Kirby Dick, Amy Ziering Kofman, Kirsten Johnson, Matt Clarke, Ryuichi Sakamoto
There is a persistent American fascination with French philosopher Jacques Derrida and his theory of deconstruction that this work by Kirby Dick (Sick, Chain Camera) and Derrida's former student, Amy Ziering Kofman, questions and exemplifies. The founder of a school of critical thinking that radically questions the nature of texts, the reader, and the multiple layers of meaning at work in language, Derrida's work has been a profound influence on analysis of literature, linguistics, philosophy, law and architecture. And although best known for his early work, this last decade has witnessed an outpouring of Derridean though on a broad range of subjects from justice to national identify. But this filmic portrait is neither an explanation nor a biography in any traditional form.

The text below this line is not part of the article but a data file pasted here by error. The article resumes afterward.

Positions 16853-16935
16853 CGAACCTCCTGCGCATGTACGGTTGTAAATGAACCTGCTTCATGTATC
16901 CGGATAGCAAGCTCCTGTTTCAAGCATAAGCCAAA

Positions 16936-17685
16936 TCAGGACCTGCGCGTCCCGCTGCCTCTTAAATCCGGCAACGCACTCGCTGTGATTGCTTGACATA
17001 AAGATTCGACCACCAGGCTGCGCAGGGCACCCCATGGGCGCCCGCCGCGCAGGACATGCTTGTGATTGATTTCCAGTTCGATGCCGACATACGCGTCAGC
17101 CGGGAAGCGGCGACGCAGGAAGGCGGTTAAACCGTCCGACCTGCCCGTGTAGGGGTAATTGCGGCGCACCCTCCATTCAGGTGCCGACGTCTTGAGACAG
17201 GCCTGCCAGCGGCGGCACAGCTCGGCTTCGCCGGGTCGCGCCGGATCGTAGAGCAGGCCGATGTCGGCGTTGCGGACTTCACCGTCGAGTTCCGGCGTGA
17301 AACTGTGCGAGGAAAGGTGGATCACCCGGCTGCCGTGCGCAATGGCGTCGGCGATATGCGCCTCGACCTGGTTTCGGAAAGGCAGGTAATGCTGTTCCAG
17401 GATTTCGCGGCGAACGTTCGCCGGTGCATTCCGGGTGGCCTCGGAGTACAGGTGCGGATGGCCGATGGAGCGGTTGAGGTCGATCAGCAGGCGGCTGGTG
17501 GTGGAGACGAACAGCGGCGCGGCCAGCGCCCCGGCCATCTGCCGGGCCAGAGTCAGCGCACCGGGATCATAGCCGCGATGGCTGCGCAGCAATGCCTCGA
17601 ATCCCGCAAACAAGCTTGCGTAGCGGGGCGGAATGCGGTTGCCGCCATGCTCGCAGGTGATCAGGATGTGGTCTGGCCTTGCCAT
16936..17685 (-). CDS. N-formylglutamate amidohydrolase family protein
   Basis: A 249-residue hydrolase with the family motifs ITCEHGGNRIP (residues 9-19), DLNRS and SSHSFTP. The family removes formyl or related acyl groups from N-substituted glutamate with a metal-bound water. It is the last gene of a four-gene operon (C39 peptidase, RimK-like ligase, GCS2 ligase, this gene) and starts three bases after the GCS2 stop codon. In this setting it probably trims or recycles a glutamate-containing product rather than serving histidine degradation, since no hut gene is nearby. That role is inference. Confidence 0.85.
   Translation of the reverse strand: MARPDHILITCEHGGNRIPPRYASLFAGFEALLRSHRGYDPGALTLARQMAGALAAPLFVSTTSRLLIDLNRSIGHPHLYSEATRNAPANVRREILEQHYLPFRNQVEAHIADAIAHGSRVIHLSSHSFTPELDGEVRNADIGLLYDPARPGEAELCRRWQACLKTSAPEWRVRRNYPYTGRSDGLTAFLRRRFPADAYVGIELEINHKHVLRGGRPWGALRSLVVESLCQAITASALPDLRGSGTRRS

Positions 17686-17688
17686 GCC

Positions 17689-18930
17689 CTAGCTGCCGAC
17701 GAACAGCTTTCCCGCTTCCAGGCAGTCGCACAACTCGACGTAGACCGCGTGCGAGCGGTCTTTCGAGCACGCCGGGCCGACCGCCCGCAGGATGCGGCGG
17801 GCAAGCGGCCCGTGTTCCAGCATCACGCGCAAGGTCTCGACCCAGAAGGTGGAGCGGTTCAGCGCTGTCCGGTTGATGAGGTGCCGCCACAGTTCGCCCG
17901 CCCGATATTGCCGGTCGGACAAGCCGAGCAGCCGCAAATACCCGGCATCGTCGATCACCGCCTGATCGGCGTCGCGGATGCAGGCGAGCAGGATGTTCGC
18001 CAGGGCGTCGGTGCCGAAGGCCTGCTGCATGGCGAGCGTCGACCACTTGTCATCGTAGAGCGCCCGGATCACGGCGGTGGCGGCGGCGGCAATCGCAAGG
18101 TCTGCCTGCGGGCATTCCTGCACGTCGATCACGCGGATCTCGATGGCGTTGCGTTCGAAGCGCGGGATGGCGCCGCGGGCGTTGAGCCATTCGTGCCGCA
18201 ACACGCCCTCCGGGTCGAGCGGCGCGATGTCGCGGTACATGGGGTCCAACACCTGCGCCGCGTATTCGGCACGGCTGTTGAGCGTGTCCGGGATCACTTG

A complex and reflexive work that attempts both to capture its protagonists and be a cooperative venture with him, the film juxtaposes moments from Derrida's personal life with excerpts from his writing, carries on an ongoing interview, and explores questions and issues generated by his work. The often-renowned impenetrability of modern intellectual thought for the layman, while being a key aspect of the filmmakers' process, is surprisingly a nonissue in the understanding and experience of its subject.
Certainly as ambitious and innovative as any film of recent memory in its attempt to address the nuances and sometimes opaqueness of philosophical thought, Derrida is an exceptionally well conceived and produced inquiry that brings the personal and the theoretical, the public and the private to bear in a meditation on a great thinker's spirit and themes.